The only reason to do something is if you’re worried you’ll lose a valuable prize by not moving quickly. But if Notre Dame believes it can retain its cherished independence for the time being, then the Irish aren’t going anywhere. If the ACC’s grant of rights agreement is as ironclad as those in the league believe it to be, its top programs may not be available for a while. And if it’s not clear whether the SEC wants to go across the country to the West Coast, what’s the rush with the Pacific Northwest schools? Or in the Bay Area?
Maybe there isn’t one. Perhaps there is no need for a knee-jerk reaction, especially if the Big Ten’s boss has been evaluating potential additions since before he took the job in 2019, as he said this week. He has also had an expansion exploratory subcommittee in place for months. The league has the information it needs to act, but it knows it doesn’t have to.
“The experience of adding one school is really complex; two is very complex,” Warren says. “Because of that, I really want to focus on all of our 14 schools. Our membership is strong, and for our two new family members coming in in 2024, I want to provide exceptional transitional service to them. You’ve got to be focused on that.”
So how does he balance leaving the door open for potential new additions and avoiding the temptation to add members just because prospects come calling? Establishing the value to the Big Ten of the school that’s calling. Evaluating its leadership and internal alignment. Determining if its academic profile matches the schools that would be its peers in this conference. If such stars aligned as they did with USC and UCLA, Warren believes it would be obvious that the Big Ten would need to make a move.
“These are first-world problems,” Warren says. “But if it happened — whether it was a month or four years from now — we’d figure it out.”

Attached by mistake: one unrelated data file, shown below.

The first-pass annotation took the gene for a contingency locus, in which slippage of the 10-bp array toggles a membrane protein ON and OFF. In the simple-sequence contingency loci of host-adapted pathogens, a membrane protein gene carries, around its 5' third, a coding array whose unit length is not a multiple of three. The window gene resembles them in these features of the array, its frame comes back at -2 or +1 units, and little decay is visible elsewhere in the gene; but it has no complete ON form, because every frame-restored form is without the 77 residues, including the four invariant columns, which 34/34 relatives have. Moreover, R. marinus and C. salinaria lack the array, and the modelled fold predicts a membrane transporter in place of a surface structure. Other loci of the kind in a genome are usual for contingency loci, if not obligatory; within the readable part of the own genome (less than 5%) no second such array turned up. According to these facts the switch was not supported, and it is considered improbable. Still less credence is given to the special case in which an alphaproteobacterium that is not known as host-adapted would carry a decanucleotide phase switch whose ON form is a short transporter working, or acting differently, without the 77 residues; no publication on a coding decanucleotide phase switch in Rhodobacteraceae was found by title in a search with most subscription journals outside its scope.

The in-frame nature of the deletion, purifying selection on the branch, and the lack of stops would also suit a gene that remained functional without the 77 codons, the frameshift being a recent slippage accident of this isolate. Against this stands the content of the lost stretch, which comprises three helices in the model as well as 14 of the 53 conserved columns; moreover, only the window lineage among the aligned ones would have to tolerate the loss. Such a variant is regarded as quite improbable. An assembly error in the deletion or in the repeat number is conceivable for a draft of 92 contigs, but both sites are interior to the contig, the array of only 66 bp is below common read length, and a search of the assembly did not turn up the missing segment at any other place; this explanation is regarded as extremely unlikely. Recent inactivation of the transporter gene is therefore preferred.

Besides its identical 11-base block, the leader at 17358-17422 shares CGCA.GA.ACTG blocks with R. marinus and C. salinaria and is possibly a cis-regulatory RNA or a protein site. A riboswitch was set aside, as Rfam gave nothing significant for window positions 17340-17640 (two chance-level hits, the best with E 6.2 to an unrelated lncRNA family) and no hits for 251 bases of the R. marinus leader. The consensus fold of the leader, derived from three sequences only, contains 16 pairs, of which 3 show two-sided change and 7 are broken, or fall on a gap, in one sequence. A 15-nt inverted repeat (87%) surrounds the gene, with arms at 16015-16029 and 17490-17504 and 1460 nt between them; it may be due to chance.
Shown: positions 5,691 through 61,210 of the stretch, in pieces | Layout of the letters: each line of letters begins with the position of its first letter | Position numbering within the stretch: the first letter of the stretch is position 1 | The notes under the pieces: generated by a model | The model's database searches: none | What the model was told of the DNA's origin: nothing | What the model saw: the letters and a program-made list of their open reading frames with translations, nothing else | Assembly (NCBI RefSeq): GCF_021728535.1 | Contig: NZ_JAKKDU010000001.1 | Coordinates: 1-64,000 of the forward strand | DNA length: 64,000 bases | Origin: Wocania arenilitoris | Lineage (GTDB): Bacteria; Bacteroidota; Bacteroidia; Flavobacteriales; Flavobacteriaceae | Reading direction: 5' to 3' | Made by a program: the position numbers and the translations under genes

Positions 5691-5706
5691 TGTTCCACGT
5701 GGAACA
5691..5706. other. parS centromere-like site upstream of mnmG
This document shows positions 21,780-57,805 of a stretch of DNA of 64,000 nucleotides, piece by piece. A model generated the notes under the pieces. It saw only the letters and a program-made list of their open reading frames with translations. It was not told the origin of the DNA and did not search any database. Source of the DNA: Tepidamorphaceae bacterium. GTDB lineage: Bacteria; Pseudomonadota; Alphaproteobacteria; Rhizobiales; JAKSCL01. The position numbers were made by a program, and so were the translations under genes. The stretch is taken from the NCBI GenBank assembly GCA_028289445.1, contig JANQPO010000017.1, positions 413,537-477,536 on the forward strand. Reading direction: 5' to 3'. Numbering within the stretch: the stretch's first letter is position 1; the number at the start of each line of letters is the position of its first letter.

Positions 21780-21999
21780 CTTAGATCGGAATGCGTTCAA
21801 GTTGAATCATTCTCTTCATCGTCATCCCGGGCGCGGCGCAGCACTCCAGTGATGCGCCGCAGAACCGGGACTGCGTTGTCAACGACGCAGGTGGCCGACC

The Big Ten is now undoubtedly in a position of power. Its commissioner had been much-maligned for much of the first two years of his tenure, particularly regarding his handling of the pandemic in the summer of 2020 and last summer’s ill-fated formation of an Alliance with the ACC and Pac-12 (which Warren says he does not regret joining, even now). But now he has built up relationships and trust on his campuses, which directly enabled him to add USC and UCLA while keeping developments extremely close to the vest.
Now he’s the toast of the conference, the man who delivered Los Angeles to the league and who helped ensure the Big Ten gets to chart its own course moving forward. No matter what college sports looks like in five or 10 years from now, the Big Ten will have a say in it.
“I wasn’t going to come into (this job) saying, ‘Oh, well, this is the way it’s been,'” Warren says. “The organizations, the entities and the people who are going to be able to thrive in a disruptive environment are those who embrace being comfortable in an uncomfortable situation. The organizations or conferences that are going to come out of this in a really good position are those that are able to adapt and be nimble.”
In other words, the leagues best positioned for success are those that do the disrupting. And because the Big Ten just did some, it can afford to be patient. This is a luxury given to those who transform the landscape, the ones who set the agenda for everyone else. After everything Warren has endured to get here, he’s earned it.
(Photo: Robert Goddin / USA Today)